Mega Drive couldn’t potentially compete with Neo Geo, obviously, but it also had its own recreational home. And at SEGA he had quite a few classics, especially those of the master Yu Suzuki, such as After Burner and Out Run, two legends of arcade simulation and driving on different routes in Ferrari.

23. Shinobi

Another SEGA saga that has emerged in the arcades and is closely linked to Mega Drive is Shinobi, even though his first work for the 16-bit console (The Revenge of Shinobi) was very “peculiar” because of those cameos by Spidey, Batman, Hulk or Godzilla. He had two more exclusives: Shadow Dancer and Shinobi III: Return of the Ninja Master.

24. “All Your Base Are Belong To Us

“All Your Base Are Belong To Us” is a meme par excellence of video game culture, but it would be unfair to keep that histrionic part of Zero Wing’s translation and ignore the exquisite quality of Toaplan’s classic shoot’em up.

25. Thunder Force IV

From an outstanding matamarcianos to another of as much or greater value for a certain sector. Thunder Force IV was the powerful exclusive that Mega Drive received in 1992, with which the relationship between Technosoft and SEGA was consolidated again, and that was a saga that also came out in more systems until its ironic end in PS2.

26. Comix Zone

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Mega Drive gave rise to many new IPs, being Comix Zone one of the most striking, both for coming out in its last cycle of life (1995; with PlayStation and Saturn fully established in the market), and for its graphic style of comic book vignette. And it had quality to spare as beat’em up, too.

27. SEGA Activator

Mega-CD and 32X were a complete success compared to the SEGA Activator, a device ahead of its time. Because we controlled the game with our body, yes. Inside a combat ring. Insane. Expensive. Disastrous. And totally expendable. R.O.B. the Robot was child’s play by his side.

28. Yu Suzuki and the Virtua series

We mentioned the master Yu Suzuki before, but it’s time to do it again thanks to the Virtua saga, where Virtua Racing and Virtua Fighter 2 were adapted to Mega Drive in 1994 and 1996, respectively. Technically more limited (the fighter was not in 3D, of course), but very grateful to know that Saturn was already on the market. It didn’t matter that in Mega Drive they didn’t look so much.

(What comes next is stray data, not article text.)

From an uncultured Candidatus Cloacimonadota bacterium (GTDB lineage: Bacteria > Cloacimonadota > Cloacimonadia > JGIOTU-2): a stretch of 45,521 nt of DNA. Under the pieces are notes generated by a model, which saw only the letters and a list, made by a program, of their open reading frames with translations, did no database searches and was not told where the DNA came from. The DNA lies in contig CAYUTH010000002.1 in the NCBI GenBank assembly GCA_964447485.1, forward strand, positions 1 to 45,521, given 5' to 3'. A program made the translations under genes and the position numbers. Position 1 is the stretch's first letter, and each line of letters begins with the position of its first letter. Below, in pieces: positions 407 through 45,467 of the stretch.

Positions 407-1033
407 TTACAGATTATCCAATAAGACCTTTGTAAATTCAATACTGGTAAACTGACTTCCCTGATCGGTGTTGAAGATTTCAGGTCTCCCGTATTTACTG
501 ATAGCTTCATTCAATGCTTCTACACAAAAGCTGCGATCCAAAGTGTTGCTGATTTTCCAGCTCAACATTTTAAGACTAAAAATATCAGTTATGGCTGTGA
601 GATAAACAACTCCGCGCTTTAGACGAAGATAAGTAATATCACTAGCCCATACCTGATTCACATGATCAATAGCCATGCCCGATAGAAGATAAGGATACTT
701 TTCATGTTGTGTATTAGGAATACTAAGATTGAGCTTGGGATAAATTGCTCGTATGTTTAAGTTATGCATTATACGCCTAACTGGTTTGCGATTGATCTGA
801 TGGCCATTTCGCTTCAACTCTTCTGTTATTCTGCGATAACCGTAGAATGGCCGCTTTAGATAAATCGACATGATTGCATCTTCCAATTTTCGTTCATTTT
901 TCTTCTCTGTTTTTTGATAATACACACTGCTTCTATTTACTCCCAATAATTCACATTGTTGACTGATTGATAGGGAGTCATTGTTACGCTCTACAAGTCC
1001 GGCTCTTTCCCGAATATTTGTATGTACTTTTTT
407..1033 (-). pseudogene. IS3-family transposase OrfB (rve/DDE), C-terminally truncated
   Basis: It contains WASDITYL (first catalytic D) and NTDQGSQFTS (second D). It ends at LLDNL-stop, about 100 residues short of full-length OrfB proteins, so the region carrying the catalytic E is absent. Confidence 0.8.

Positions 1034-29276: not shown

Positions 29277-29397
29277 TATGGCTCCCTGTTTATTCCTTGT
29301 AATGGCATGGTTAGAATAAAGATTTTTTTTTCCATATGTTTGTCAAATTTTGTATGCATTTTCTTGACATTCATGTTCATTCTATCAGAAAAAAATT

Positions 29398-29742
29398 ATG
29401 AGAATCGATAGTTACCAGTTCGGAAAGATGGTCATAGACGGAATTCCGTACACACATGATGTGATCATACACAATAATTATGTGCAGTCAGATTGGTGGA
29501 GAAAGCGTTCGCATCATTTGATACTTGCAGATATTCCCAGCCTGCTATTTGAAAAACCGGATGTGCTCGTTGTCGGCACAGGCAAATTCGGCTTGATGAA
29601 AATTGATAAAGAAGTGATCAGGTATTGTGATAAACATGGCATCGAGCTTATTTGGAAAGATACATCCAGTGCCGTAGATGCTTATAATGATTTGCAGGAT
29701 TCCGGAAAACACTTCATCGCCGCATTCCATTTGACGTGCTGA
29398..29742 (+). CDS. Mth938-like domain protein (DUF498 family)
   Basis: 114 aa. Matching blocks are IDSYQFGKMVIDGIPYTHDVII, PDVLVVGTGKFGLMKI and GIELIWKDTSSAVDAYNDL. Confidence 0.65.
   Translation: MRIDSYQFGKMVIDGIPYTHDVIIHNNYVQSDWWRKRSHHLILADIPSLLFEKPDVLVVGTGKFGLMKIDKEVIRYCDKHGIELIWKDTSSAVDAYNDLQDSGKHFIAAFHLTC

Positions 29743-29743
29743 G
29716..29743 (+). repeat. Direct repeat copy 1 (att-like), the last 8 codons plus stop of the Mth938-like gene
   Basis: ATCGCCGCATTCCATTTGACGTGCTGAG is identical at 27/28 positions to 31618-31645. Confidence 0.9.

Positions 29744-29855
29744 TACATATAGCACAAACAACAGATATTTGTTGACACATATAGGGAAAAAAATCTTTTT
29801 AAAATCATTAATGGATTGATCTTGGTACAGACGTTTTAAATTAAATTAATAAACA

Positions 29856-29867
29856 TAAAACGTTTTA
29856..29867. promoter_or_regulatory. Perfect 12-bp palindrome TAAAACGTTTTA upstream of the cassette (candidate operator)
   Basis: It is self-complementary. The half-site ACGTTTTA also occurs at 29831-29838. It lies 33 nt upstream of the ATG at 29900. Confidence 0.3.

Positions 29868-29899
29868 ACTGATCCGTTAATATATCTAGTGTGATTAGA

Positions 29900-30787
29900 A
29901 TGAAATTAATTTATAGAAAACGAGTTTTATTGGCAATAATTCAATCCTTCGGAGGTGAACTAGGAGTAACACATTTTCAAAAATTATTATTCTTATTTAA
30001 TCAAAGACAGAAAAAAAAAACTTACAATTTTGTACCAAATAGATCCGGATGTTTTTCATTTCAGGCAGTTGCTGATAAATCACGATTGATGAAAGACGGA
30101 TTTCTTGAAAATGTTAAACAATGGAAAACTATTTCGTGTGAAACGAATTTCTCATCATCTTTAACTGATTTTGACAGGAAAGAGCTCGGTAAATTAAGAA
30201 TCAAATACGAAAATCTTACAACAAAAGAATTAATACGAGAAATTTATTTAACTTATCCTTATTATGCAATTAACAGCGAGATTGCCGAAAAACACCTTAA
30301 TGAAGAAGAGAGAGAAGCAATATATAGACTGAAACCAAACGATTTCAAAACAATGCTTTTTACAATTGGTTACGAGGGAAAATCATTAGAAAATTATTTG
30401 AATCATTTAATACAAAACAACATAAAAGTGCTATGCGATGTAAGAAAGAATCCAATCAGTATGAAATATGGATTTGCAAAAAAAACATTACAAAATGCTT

29. “Genesis does what Nintendon’t

The sauce of the time, compared to the toxicity that reigns today, was one of the most interesting piques among colleagues. Because you were either SEGA or Nintendo. In my case I loved both, although I was a bit more thrown by the Super Nintendo, but I will always be happy for that gift that my parents gave me on a trip to Vigo. They bought me the Mega Drive with Sonic the Hedgehog and the Space Harrier II. Because, as you can see, the SEGA console had nothing to envy to the SNES. Two essential machines.

30. Treasure

We close the review for the 30th anniversary of SEGA’s Mega Drive with a golden brooch, that of the studio Treasure, creator of several of the best jewels of that console and subsequent machines, such as Saturn, Nintendo 64, PS2 or GameCube. A team that was created on behalf of several ex-components of Konami and could not have a better debut when forming Treasure: Gunstar Heroes. But then came Alien Soldier, Light Crusader… This studio was a treasure, literally.

Just like SEGA’s Mega Drive, with those 30 years so well spent. Congratulations!